Whether preparing your home for selling or just keeping it in optimal condition, the front door at some point requires attention. Wood entry doors take a beating from rain, sun, and wind causing the finish to wear and discolor. Many times moisture gets under the finish causing the finish to lift, then the moisture damages the wood. Typical damage is mold, mildew, or rot. My daughter’s wood entrance door has additional damage because her cat and dog repeatedly scratch the door which unfortunately has opened the finish for moisture to gain entrance.
The cost associated with replacing a front door is high, making refinishing a wood door a viable and economical option. A quick online search will result in many how to articles and demonstrations on how to refinish a wood entry door. However, as many of my customers have learned the hard way, it is not such a simple process to get a professional quality result. Refinishing an outside door and its trim is best left to a professional refinisher.
Having a professional refinisher like me refinish your entry door is not cheap, but the door won’t look like the result of a DIY weekend project either.
With furniture refinishing sometimes there are things that are badly broken; things that are affected by time and the elements, and then there situations that defy reason and make a difficult job really, really difficult. A large government entity once contracted KWS to refinish their wooden benches. These benches were about 14 feet long, and being solid wood were fairly heavy. The challenge, however, was not in the refinishing, but in getting them out of the building.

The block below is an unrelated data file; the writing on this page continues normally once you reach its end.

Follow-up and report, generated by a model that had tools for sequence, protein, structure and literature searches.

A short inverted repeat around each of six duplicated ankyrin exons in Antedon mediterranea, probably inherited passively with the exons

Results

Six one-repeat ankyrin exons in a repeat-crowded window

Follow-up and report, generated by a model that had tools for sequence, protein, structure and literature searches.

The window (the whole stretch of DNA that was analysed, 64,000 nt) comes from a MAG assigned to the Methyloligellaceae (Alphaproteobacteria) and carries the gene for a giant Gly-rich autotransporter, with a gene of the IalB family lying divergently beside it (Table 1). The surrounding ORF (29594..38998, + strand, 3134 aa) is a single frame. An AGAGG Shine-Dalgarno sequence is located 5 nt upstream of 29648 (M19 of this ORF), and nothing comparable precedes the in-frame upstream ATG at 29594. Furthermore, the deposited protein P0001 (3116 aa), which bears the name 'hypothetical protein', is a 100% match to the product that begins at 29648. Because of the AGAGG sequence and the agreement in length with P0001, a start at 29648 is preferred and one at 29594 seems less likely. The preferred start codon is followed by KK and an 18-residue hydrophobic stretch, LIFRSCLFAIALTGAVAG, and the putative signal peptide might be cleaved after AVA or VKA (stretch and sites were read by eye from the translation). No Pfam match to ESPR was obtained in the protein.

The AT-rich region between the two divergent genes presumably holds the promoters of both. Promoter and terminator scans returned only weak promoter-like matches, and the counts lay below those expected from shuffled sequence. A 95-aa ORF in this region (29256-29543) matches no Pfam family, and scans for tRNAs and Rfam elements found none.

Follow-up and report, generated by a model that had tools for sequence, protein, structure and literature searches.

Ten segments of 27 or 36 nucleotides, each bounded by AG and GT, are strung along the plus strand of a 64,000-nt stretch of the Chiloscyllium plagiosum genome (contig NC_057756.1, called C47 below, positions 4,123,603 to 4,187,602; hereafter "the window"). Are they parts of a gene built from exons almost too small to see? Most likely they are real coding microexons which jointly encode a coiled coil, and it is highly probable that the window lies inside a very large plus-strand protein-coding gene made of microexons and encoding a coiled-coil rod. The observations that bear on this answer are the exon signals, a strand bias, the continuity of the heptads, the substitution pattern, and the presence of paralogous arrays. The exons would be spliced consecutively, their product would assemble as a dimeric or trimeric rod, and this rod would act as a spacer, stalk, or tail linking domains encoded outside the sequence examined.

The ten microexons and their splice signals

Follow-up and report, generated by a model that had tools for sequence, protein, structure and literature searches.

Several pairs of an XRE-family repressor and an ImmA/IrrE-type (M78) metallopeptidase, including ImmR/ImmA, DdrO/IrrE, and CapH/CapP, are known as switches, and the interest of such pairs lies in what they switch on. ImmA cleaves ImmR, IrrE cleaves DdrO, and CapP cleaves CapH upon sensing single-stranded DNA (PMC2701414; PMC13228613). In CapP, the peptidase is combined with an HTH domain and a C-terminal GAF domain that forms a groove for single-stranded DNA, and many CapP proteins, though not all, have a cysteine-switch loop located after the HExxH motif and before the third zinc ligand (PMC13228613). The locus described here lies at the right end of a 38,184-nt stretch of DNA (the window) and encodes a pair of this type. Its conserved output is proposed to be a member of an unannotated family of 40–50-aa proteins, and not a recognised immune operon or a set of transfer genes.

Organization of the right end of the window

The benches were on one of the upper floors of the building and the only way out was in the service elevator. The service elevator was quite large with a vertical raising door yet not tall enough to accommodate a bench roughly 14 ft x 3 ft x 2 ½ ft. Well the obvious answer was in the ceiling, or the removing of it. Now most elevators have a removable panel designed for this purpose. Not so this elevator. It had the entire ceiling covered with an expanded metal screen held by a few small welded tacks.
WEHU! this was going to be fairly easy after all. Did I mention that this was a government entity? Yes, and a government building authority that could see absolutely no reason to remove the ceiling screen in the elevator that was specifically made to be easily removed so tall things could get to and from the upper floors. And that was final.
Well I did refinish those benches, I even did it in the time allotted. By now you are wondering how those long benches were removed in order to be repaired, refinished, and returned. Are you ready? They simply had me cut them in half. Are we fortunate or not? GOVERNEMENT always has the answer.